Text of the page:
Cycle Security

Cycling is a great way to keep fit and get around, but you need to make sure you secure your bike to prevent it from being stolen.

Man on bike cycling down leavygrave road cycle path past Information Commons building
  • Always lock your cycle, even if you are just leaving it for a few minutes.
  • Avoid isolated places - leave your cycle where it can be seen.
  • Lock your bike to an immovable object - there are plenty of cycle racks around campus.
  • Invest in a good lock (see further advice below).
  • Secure removable parts.
  • Take out insurance to cover your cycle.
  • Mark your cycle so it can be identified.

Types of locks

Cycle crime is on the up due to the use of poor quality locks. You need to make sure that you have a high quality lock that will keep your bike safe and secure. A general rule is to spend at least 10 per cent of the value of your bike on a lock. If you can, use two different types of lock to deter thieves. The Cycle Hut next to the Arts Tower sells a high quality D lock for £15 (student discount of 50 per cent).

  • D locks: Rigid steel locks in a D or U shape, these are generally heavy and tough looking. The more you pay, the more secure it will be
  • Cable locks: More flexible than D locks, they can be used where D locks don't fit, but be aware that thinner, cheaper versions can be easily cropped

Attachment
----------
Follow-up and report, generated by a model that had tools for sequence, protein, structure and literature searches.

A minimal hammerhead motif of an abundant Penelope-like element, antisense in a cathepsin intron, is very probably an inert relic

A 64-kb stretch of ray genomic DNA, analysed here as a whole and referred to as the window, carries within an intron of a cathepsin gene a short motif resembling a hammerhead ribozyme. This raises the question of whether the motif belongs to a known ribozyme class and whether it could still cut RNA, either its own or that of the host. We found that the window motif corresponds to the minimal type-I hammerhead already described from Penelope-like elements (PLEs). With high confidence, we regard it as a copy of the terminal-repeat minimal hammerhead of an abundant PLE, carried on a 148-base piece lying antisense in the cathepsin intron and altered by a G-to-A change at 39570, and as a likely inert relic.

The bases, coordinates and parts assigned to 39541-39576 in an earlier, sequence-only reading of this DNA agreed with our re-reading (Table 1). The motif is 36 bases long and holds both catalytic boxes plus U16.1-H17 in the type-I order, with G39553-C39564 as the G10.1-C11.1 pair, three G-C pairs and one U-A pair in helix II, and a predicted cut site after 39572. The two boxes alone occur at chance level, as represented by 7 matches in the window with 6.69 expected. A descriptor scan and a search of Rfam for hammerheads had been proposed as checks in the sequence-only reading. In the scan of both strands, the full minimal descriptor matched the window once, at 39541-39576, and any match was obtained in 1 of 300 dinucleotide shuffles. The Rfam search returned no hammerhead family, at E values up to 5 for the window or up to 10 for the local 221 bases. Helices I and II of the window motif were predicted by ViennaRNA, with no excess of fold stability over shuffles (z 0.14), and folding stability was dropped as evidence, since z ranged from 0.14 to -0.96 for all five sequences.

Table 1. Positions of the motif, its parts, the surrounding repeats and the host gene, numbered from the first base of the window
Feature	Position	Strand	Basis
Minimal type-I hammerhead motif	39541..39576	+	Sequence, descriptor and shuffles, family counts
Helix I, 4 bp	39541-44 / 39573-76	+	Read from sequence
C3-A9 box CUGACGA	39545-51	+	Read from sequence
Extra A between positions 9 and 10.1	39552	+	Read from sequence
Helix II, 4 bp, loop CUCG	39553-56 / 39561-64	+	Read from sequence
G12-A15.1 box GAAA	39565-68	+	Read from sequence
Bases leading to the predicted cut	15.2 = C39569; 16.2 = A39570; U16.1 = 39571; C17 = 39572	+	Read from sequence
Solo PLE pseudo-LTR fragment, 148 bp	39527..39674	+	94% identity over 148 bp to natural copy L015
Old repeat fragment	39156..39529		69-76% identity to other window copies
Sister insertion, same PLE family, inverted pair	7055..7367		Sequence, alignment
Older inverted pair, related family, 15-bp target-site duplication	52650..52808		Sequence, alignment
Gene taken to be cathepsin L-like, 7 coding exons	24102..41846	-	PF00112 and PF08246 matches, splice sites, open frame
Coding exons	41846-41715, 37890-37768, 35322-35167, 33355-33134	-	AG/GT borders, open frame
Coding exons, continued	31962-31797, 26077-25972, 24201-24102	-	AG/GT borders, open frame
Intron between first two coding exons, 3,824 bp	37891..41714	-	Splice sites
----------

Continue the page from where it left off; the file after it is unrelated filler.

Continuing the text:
• Chains and padlocks: Although these can be heavy, they are tough and a good quality chain and padlock should be a secure and strong option

Watch: how to properly lock your bike

Quick release mechanisms can make it easy for thieves to steal your saddle and wheels, but you can replace the mechanisms with ordinary bolts or nuts. You could even remove the front wheel and secure it to the frame of the bike.

Most locks only allow you to lock the frame and one wheel of your bike, so you may want to invest in two D locks, or buy a cable lock to secure the second wheel. Alternatively, you could combine a D lock with an ‘extension cable’ - a flexible cable with open loop ends which you can loop through the wheel you haven't locked and secure to the D lock before you secure it.

What to do if your bike is stolen

  • Contact the Police and obtain an incident number and then contact Security Services.
  • If you are threatened by anyone or attacked for your bike or other possessions, remember that your safety is more important than your belongings. Call Security Services immediately and contact the Police to report any such instances